Authors: Angela Taylor and Tonantzin Juarez
A year ago, Weitzman’s policy team published a policy brief, “Addressing Food Insecurity in School-Based Settings: Keeping Youth Fed as Costs Rise.” This brief discussed initiatives and federal programs that helped feed school-aged children during the pandemic and what policies needed to be implemented to keep children fed during the period of increasing inflation. One of the policies discussed was the implementation of universal free school meals (USM) during the pandemic. Food insecurity increased during the early months of the pandemic, especially for Black and Latino households with children. To address the rise in food insecurity during the pandemic, the U.S. Department of Agriculture (USDA) provided waivers for schools to provide free meals to students regardless of income during the 2020-2021 and 2021-2022 school years. However, these waivers ended on June 30, 2022, and some schools went back to charging for meals for the 2022-2023 school year. Since then, several states have implemented policies continuing USM for students. This month we highlight states that have passed USM policies, the benefits of USM, school meal policies at the federal level, and challenges/lessons learned while implementing USM in schools.
States That Have Passed Universal Free School Meals
According to Food Research & Action Center (FRAC) Data, eight states (California, Maine, Colorado, Minnesota, New Mexico, Vermont, Michigan, and Massachusetts) have passed permanent legislation to offer free school meals for all students. The state of Nevada has extended free school meals for the 2023-2024 school year. Meanwhile in Illinois, the state legislature has passed a bill allowing K-12 students to get free school lunches; however, as of August the governor has not signed the bill into law. A shift in 2022 at the federal level prompted states to pass laws to keep school meals free. California and Maine were the first states to take advantage of this, followed by Colorado, Minnesota, New Mexico, Vermont, Michigan and Massachusetts. FRAC reports that during the spring of 2023, over 20 states proposed bills to create universal school meals programs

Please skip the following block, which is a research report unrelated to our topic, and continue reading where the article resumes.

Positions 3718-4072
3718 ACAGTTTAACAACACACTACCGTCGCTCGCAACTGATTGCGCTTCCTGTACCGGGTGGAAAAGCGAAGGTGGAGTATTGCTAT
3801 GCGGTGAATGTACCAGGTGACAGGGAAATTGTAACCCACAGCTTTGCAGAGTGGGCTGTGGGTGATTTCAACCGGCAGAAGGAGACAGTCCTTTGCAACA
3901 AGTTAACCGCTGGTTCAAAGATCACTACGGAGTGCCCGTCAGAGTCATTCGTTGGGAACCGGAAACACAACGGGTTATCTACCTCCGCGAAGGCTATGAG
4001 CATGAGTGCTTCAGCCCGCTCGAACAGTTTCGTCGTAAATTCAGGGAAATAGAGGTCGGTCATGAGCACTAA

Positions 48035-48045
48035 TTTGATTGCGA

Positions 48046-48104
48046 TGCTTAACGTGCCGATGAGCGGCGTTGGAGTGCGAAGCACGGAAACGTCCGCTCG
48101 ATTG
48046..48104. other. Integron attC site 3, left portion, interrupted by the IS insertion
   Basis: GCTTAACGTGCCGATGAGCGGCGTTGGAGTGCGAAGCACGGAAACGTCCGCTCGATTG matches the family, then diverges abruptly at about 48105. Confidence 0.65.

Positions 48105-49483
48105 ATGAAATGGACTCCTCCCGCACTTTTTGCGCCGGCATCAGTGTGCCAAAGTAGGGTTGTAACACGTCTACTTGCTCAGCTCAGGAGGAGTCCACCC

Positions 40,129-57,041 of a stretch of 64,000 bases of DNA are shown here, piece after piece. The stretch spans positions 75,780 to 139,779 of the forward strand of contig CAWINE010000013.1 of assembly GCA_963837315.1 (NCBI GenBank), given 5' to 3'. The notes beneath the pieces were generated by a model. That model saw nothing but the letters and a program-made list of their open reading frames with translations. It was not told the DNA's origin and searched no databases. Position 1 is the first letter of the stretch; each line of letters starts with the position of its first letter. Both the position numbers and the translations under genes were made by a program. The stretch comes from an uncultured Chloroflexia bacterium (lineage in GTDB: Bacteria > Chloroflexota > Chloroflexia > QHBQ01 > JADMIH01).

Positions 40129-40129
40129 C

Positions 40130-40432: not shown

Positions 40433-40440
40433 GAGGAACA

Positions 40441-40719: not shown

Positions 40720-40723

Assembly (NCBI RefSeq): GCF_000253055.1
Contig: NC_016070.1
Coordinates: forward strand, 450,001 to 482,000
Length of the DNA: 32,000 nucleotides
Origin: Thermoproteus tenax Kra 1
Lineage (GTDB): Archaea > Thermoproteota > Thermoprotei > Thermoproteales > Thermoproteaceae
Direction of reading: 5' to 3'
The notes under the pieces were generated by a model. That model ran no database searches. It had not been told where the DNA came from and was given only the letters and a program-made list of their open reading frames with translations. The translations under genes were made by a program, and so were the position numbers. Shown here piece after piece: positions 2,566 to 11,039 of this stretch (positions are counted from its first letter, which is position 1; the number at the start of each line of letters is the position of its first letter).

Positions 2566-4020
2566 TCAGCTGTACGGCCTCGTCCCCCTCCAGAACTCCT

Benefits of Universal Free School Meals
Research supports the benefits of USM among students, which include decreased child hunger, reduced stigma, and elimination of school meal debt. However, students are not the only ones to benefit. For parents and guardians, not having to worry about two meals a day means saving money on groceries, resulting in some extra money they can either save for emergencies or spend on other necessities. Particularly among lower-income families, free meals can result in improved household income due to not having to worry about student meal debt. In their Large School District Report for 2023, FRAC reports how free meals also improved employee morale as they don’t have to tell students when they owe money. Data from California’s 2022-2023 school year showed that free meal programs increase the number of students in general that eat breakfast and lunch. Since its implementation, California has seen a steady increase in the number of meals they serve each year.